After the liquidation registration is complete, the books, accounts, and documents of the liquidated company shall be deposited at Registrar’s Office within fourteen days. The documents will be kept for ten years after the completion of the liquidation.
3. Authorities of Liquidator(s)
Section 1259 of the CCC states that the liquidator(s) has the power to 1) bring or defend any legal proceedings and to make compromises on behalf of the company, 2) carry on the business of the company for as long as necessary for the beneficial settlement of affairs, 3) to sell the property of the company, and 4) do all acts required to complete the liquidation.
4. Liabilities of Liquidator(s)
The liquidator will make numerous decisions while he/she is completing his/her task, involving conflicting interests of various parties. His actions are highly regulated, and sanctions are outlined in Sections 32 to 34 of the Determining Offences Relating to the Registered Partnership, Limited Partnership, Limited Company, Association, and Foundation Act BE 2499 (1956) (“the Act”). If the liquidator(s) fails to perform his duties, he may even be held criminally liable, resulting in fines of between THB 10,000 to THB 80,000.
Furthermore, there may be tax liabilities imposed on the liquidator(s) personally. For example, if the liquidator(s) distributes the company’s property to shareholders without paying taxes, the Revenue Department may take legal action against the liquidator(s) himself. This is because the liquidator(s) would be violating Section 1269 CCC, which states that the property of the company may be divided amongst shareholders when there are no existing obligations to perform.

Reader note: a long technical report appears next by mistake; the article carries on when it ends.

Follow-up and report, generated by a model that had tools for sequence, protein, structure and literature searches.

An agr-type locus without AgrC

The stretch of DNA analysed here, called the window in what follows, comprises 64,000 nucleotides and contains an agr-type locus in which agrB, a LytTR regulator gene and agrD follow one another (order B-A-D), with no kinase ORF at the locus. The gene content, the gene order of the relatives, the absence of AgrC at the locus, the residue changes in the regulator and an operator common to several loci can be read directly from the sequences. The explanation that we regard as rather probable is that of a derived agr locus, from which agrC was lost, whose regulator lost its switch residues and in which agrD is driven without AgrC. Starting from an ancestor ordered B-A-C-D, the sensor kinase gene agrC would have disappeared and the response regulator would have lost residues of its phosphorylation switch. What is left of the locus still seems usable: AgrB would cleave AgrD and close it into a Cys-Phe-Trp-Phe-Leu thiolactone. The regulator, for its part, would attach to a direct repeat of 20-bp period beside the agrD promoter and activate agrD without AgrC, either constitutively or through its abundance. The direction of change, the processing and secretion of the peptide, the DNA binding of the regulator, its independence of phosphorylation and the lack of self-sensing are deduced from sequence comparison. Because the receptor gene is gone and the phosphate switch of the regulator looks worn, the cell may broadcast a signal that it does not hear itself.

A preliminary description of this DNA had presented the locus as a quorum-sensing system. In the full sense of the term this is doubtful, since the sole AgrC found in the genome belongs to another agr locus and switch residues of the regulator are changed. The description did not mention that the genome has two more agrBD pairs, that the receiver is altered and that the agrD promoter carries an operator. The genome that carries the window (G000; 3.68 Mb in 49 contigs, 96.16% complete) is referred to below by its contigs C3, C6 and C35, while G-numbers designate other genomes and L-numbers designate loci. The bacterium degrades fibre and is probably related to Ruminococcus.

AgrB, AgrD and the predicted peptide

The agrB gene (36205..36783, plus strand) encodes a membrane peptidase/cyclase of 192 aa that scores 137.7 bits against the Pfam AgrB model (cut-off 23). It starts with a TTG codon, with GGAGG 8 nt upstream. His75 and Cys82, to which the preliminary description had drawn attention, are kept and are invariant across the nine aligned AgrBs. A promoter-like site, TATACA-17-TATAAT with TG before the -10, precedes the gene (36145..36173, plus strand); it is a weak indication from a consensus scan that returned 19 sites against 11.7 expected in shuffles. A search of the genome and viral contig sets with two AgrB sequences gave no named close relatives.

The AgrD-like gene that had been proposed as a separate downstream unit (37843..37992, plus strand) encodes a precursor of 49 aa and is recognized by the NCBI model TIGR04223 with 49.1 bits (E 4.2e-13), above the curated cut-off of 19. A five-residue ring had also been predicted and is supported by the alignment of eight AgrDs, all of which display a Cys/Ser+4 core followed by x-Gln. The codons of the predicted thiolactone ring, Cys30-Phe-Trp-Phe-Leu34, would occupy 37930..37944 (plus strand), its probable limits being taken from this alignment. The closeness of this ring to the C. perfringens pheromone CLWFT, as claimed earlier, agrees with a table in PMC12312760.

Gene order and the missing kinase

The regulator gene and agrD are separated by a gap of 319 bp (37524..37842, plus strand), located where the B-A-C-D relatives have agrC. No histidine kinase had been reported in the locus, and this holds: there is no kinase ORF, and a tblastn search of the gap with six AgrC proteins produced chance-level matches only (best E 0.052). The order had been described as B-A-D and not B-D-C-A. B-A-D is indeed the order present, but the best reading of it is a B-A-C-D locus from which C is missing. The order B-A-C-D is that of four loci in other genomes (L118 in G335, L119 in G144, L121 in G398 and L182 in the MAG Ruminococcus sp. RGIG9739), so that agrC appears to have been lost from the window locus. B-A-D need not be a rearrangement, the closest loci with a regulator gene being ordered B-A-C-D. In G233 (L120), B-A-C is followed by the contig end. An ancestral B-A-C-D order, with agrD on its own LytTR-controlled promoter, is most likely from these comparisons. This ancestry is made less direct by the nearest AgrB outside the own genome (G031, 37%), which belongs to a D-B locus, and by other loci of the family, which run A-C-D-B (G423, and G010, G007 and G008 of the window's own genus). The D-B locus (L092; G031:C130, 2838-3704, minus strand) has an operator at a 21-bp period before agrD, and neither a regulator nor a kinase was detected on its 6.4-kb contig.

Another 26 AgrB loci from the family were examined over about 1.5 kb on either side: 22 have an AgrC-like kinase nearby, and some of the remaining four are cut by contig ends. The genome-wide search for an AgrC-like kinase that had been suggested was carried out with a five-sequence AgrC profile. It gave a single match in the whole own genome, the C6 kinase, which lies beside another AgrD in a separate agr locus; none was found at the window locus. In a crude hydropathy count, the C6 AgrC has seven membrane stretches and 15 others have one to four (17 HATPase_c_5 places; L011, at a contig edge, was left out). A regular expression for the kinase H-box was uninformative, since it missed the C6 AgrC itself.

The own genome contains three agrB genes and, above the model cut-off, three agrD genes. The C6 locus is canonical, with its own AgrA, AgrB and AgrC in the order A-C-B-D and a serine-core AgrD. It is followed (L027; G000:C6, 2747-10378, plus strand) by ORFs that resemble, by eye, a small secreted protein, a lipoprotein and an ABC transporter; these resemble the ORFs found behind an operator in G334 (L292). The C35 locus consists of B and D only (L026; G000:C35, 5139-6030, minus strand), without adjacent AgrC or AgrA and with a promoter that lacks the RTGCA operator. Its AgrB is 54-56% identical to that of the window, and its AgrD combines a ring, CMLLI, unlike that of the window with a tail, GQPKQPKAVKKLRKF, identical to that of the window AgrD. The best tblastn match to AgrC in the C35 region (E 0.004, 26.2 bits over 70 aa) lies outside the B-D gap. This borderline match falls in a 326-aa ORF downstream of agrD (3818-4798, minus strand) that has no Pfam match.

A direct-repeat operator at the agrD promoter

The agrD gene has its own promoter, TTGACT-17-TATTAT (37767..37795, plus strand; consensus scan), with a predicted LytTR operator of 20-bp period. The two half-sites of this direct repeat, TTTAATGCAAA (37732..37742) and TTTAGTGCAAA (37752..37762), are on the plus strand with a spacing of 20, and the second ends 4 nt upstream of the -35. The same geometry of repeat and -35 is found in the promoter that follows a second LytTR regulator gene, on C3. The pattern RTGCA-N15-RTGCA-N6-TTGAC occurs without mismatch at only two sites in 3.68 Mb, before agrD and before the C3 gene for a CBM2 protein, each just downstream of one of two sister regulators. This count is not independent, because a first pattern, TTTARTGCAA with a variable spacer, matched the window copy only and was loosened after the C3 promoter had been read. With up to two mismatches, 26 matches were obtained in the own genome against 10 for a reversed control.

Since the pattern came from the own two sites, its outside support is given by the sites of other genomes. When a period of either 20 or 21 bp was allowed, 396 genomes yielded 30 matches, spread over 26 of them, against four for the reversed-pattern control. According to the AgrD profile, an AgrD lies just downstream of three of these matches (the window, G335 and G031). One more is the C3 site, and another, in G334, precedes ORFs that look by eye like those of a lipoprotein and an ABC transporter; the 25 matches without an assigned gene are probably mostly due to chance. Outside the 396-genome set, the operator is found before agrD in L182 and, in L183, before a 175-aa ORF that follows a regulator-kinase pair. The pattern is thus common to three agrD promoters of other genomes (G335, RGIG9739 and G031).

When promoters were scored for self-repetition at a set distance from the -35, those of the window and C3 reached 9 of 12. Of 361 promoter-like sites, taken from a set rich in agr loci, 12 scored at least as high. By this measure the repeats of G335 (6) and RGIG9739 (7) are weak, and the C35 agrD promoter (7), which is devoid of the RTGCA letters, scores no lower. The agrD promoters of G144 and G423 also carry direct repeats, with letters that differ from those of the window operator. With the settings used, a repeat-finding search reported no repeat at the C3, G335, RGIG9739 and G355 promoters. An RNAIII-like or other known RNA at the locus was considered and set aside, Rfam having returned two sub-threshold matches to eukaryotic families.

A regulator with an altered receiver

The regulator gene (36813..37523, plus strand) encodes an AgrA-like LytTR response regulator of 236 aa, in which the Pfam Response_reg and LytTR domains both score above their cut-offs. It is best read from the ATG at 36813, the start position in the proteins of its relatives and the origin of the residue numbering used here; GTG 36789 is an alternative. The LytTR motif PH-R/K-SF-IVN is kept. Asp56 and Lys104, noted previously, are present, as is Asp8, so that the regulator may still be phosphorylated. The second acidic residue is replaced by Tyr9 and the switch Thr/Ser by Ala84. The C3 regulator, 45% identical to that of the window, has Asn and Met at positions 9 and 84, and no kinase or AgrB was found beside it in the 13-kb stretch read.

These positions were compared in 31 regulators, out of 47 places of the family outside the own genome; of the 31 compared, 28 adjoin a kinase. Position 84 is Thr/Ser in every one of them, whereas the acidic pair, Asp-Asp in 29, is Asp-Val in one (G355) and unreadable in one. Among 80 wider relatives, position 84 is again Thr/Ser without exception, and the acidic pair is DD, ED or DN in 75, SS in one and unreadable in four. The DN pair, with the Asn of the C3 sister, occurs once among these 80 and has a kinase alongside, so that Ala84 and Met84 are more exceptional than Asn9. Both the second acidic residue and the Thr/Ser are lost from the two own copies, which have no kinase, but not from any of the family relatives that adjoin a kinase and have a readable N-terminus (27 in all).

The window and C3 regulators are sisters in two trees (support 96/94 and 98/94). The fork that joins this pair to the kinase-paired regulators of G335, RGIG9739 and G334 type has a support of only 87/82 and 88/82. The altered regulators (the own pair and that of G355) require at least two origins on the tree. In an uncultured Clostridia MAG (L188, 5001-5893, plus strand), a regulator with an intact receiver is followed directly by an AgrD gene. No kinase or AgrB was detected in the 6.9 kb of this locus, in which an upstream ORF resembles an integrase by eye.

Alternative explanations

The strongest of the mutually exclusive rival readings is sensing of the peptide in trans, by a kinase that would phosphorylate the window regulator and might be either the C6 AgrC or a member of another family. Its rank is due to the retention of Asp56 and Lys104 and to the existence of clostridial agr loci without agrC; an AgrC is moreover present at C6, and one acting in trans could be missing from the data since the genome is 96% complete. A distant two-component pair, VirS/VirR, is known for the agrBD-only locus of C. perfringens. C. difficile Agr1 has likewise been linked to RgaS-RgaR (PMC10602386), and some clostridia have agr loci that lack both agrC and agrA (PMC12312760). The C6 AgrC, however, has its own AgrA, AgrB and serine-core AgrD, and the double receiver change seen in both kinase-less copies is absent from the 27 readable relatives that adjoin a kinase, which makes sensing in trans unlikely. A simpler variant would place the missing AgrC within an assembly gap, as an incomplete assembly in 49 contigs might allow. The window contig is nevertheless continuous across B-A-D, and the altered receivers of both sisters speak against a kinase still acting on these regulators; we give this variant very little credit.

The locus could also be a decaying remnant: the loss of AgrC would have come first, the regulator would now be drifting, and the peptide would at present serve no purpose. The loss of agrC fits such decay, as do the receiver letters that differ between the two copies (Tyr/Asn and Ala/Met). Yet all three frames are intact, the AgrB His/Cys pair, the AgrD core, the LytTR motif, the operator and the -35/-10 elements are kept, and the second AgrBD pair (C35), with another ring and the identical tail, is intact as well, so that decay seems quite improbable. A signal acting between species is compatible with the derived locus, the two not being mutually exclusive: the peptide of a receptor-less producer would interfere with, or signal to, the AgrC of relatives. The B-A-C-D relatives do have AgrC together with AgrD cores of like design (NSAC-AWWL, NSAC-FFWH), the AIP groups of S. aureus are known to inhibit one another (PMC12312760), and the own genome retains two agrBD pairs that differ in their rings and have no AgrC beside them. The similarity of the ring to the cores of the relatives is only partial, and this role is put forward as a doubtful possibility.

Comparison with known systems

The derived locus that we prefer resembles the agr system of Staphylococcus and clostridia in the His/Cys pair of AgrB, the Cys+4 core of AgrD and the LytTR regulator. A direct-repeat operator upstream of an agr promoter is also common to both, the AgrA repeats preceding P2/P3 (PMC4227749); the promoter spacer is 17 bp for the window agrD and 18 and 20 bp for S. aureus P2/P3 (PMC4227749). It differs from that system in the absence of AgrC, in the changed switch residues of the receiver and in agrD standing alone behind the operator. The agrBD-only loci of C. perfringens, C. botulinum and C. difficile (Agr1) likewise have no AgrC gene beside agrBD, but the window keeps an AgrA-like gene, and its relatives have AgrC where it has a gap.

Another example is when the liquidator(s) is aware that there are still debts remaining but decided to distribute the property to the shareholders anyway. If this is the case, it can be deemed that the liquidator(s) is intentionally acting in contradiction with the law because he/she hasn’t made payment to the creditors, nor did he/she deposit the amount due to an unclaimed creditor, under Sections 1250 and 1264. In this case, the liquidator(s) becomes personally liable towards the remaining debt.
It must be noted that the liquidator(s), in general, has no personal liability on any action that was legally done on behalf of the company unless it was done without authority or beyond the scope of the liquidator(s) ‘s authority.
Section 34 of the Act states that if the liquidator failed to comply with Section 1266 of the CCC, applying to the Court to adjudge the company bankrupt, he/she could be liable for a maximum fine of THB 50,000. The Act imposes a fine on the liquidator if he/she does not perform his/her duties according to the law.
5. Duties of the Company
The duties of the company as a juristic entity are as follows.